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Apple Pie, Wild Apple Pie

Like most females, she didn’t want to. Which is you see the whole darn problem. I mean the problem between us and them, no matter which side you are on; one does, the other doesn’t, for which there is no possible cure. Save – saith Will Shakespeare – but to try…romance.

Beyond this the male has no option but to be away, afield, aforest, afoot, be it horse, gun, or fish, or tractor. Leaving the female alone if that’s the way she wants it.

I do not know why my woman don’t want to but then, I’m not a woman.

It seemed reasonable to me, only a little complicated, a minor mess as messes go.

What else is to be said of this divide between male and female, the one so eager the other yet to be convinced.

Nature I have noticed can be quite prickly when it wants, it would be easier all around if it was just the way I wanted.

Apple pie, I mean; wild apple pie. To reference here the tree, a fabled family tree, the one in the corner by the machine shed. A protected little nook has this tree, which is a good thing in a northern clime when one might hope to tend apples. Here, the shed roof waters the tree well even if the summer proves short. Still, these are wild apples, not MacIntosh or Wealthies, not Sweet Williams or Duchess. What is not to love in the names that apples have? In my mama’s yard once was an apple called the Summer Banana, that is what she called it; as an apple it was not well-loved if ready for pie by early July. Despite that the Sumer Banana had a distrustful color, some found the taste unappetizing, less of apple if more mellow cedar shingle. Still, taste doesn’t matter the same when it’s a July apple on the north end of Wisconsin. Once slain like any good corpse they can be dressed up with cinnamon and sugar, add a lard crust, touch of maple sugar, and that probably toxic green banana apple pie wasn’t just fine, it was fair. You can, for the sake of science, make pie of a hay bale, birch bark too, or quackgrass. I’ve heard pine sawdust is a classic, if there are sufficient other ingredients to mitigate the result. This is what our mama did to that Summer Banana to bring her Raymond to the house on time for supper.

The wild apple by the machine shed has no name, wild it was from the start, no grafted rootstock for this old auk. Story is told of g.g.grandfather, then a boy, sent to tend the summer sheep pasture, he it was who planted the tree with his leftover core. A hungry boy to have eaten such an apple, for eating plain a wild apple turns the face upside down, the guts inside out, and curls the toes. If this was the same apple as Eve shared in the garden it ought not have been forbidden.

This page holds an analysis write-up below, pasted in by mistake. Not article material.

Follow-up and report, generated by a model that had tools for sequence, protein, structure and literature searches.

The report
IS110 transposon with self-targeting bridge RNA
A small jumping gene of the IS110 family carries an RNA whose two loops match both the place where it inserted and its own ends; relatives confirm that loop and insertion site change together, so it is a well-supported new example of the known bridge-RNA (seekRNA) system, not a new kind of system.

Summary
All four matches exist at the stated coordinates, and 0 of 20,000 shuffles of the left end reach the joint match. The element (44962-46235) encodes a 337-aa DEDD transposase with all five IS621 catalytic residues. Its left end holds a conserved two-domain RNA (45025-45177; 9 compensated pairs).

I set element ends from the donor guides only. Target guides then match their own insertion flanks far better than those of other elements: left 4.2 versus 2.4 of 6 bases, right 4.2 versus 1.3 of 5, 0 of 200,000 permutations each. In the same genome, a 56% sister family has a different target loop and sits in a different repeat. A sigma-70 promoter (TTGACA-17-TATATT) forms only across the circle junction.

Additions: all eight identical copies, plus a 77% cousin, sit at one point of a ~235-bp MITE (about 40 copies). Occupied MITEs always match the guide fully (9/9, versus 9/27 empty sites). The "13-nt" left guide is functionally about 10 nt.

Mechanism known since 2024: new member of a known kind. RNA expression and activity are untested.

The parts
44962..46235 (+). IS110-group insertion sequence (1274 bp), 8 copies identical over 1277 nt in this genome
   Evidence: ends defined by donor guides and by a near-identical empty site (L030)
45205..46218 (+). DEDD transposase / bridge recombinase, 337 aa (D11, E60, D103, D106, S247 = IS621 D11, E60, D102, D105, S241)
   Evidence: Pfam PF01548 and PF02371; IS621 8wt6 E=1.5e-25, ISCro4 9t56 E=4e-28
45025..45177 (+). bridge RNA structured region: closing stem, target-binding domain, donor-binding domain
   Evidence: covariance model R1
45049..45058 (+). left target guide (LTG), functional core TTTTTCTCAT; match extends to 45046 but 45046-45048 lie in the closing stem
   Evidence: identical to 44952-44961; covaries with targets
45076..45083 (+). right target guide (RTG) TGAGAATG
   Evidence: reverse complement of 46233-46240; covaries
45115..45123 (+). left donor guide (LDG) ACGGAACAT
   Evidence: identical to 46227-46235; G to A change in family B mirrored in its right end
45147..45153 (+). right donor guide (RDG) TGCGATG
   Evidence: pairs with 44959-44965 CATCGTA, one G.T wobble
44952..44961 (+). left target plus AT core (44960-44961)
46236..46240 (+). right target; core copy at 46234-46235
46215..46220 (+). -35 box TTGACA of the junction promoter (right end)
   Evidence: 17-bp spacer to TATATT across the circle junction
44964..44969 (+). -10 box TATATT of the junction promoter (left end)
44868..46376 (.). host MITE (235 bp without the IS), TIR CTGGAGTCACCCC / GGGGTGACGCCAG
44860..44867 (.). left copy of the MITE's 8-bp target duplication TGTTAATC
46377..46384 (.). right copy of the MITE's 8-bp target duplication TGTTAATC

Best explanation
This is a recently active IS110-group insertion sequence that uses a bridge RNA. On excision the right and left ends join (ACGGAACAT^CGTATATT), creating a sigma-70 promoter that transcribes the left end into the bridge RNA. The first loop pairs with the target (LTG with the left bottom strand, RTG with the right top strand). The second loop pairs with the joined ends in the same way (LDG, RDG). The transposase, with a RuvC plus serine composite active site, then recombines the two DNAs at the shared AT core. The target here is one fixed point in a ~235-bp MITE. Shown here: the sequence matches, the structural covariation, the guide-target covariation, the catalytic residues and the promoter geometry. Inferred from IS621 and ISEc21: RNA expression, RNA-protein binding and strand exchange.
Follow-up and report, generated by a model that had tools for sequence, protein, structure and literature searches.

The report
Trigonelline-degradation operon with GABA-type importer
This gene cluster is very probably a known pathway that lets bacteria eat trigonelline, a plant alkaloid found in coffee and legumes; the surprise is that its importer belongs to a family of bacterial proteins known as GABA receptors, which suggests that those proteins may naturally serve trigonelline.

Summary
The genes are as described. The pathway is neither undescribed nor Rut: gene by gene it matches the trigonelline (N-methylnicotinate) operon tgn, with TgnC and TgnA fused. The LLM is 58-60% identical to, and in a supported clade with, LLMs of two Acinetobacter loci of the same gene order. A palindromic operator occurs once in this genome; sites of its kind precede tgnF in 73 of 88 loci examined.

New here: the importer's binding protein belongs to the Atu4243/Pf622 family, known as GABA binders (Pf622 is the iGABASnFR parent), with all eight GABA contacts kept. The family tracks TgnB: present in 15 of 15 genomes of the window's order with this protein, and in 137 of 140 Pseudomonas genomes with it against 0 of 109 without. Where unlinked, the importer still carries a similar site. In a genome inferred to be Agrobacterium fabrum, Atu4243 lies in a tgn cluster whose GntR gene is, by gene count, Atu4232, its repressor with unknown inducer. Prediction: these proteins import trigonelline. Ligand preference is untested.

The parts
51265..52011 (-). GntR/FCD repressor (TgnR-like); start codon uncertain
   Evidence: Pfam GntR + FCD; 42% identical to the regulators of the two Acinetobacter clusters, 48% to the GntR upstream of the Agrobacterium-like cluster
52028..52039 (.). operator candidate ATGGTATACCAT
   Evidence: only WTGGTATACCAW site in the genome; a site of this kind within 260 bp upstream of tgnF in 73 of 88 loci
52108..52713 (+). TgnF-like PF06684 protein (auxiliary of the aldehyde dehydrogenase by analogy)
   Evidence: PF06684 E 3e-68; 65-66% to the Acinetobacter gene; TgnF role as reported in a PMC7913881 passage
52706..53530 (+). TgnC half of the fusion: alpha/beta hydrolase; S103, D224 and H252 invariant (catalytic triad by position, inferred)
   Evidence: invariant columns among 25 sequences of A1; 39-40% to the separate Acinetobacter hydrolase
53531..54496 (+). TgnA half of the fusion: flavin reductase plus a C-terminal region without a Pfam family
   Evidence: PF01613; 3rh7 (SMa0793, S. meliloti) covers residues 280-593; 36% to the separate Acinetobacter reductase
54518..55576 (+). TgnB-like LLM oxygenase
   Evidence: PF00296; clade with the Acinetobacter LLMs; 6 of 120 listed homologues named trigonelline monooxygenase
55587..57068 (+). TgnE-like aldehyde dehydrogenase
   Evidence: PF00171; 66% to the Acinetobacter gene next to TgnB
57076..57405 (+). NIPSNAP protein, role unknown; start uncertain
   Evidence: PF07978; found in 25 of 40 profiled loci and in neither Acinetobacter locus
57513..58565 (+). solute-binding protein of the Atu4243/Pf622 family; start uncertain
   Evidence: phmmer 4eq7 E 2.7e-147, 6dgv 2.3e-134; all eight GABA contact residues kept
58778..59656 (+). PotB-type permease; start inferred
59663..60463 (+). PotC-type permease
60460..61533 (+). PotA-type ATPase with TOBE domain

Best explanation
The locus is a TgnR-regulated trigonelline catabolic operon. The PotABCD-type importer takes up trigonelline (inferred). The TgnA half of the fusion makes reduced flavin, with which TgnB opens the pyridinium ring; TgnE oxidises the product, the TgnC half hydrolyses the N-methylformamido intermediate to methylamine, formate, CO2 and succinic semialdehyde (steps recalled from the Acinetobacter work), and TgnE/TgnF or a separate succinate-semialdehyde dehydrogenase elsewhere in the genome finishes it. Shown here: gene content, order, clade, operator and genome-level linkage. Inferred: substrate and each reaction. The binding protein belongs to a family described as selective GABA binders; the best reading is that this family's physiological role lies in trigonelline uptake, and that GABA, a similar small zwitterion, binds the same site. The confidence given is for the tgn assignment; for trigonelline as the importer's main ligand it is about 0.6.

To her who is my wife I said, “I’d like to freeze some of those.”

“What,” she replied, “those apples? Too small, too much work.”

“But I’ll help,” I said.

I guess I said that before. Really this time I will.

“Maybe.” She said.

Romance is a totally illogical demand of Mother Nature, a waste of precious time, why can’t the female just do as I say?

Without her permission, I picked a bushel, almost, and set out to peel those apples by myself with a knife. It was the lazy end of a Sunday afternoon; peeling apples, peeling little, tiny, itsy bitsy wild apples. Soon I knew what she meant about little apples. I had nothing better to do so I kept peeling.

Eventually she joined me. By this time I had a technique down but she did it else wise. Laugh if you want but there is a logistical and scientific approach to peeling little apples. Not a silly question at all, whether it is better to peel the whole apple first and then core it, or core it then peel the quarters. I don’t remember which way I did it but it was the best way.

We’ve been married 40 years, she and I; funny what we can find to talk about on a Sunday afternoon while peeling apples. I don’t remember what but I remember talking and it was fair.

“Are we done yet?” She asked.

Few more, I thought and went for another bucket.

She changed her blouse, that nice one reserved for when Sunday afternoon tips to Sunday evening, the shadows have grown cool.

“Done yet,” she asked.

“Almost.”

“Stop,” she said.

Sometimes I do as I’m told.

. . . . .

It is midwinter now. Another Sunday and we had apple pie for supper as is one of the things I like about Sunday and the stuff we get to call supper. Like a wide slice of wild apple pie with ice cream.

The thing about a wild apple pie is right off you can tell these aren’t MacIntosh or Wealthies or Delicious or McCormick Deering. A wild apple pie bites back.

“How many pies like this do we have?”

“A dozen,” she said, “at least.”

“Oh.”